The next Issue of our ICDP Resource entitled as ‘Holiday with Relief’ will focus on ways of passing, whether it is forced or voluntary, holiday or break without putting yourself and others at risk of getting Covid-19 during this Spring and beyond.

The Resource will give general and specific advisory tips and hints to nullify or minimise the life-threatening impacts of Covid-19 on ourselves and people around us.

Because of the specific conditions that Covid-19 has created on human habits and social gatherings, the resource will go an extra mile with some advice on adaptation and mitigation in order to manage the health challenge and crisis we are facing today.

The resource does not stop there as it reiterates the advice and measures already given to people for not to spread the virus but to slow it down and contain it as much as one can.  It reiterates them in a different and enriched way so that people can apply them but not think they are burden upon them.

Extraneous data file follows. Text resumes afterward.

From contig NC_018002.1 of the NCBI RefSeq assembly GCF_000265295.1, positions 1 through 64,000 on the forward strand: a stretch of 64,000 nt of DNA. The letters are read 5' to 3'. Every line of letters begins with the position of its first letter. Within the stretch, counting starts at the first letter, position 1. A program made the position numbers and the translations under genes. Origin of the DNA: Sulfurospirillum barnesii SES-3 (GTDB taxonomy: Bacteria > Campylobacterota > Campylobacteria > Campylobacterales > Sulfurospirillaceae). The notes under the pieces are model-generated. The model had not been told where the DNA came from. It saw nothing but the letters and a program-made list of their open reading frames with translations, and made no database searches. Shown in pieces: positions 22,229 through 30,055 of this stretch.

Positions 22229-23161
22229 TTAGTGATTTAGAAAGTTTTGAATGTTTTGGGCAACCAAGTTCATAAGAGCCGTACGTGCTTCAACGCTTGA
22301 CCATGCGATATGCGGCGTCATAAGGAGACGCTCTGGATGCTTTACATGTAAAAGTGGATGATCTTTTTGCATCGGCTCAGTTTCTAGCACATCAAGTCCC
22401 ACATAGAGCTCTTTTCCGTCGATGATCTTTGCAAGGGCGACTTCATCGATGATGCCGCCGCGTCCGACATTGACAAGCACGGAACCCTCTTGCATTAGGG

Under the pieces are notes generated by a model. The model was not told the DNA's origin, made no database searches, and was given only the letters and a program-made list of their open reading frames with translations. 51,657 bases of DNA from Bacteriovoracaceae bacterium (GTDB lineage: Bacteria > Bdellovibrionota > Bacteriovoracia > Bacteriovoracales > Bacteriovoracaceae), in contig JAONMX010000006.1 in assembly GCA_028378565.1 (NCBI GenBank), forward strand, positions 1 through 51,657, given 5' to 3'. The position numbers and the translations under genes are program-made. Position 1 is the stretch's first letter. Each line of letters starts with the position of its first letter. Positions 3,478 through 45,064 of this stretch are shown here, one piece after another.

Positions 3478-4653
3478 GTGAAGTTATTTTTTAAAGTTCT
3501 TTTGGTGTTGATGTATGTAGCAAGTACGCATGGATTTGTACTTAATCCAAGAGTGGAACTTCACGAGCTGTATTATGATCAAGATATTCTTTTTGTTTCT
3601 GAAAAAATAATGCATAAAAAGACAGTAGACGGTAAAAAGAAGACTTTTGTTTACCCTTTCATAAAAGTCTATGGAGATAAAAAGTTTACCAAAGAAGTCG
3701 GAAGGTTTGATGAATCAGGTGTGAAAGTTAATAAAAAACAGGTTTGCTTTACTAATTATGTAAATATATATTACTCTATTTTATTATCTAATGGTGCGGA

To enquire about the next Issue of Holiday with Relief, please contact CENFACS.




~ Covid-19, Sanitation Poverty and Natural Resource Management


As Covid-19 crisis continues to grow, we are keeping on thinking and discussing its impacts on our work as well as on the health, safety and well-being of poor people and the world in general.

This week, as part of our thoughts on Covid-19, we are dealing with sanitation poverty and the impacts of Covid-19 on natural resource management.  As we are trying to fight Covid-19, we are as well striving to reduce sanitation poverty and to sustainably use natural resources.

Let us look at its possible links with sanitation and natural resource management.  Before that, let us explain sanitation poverty in brief.


What is sanitation poverty?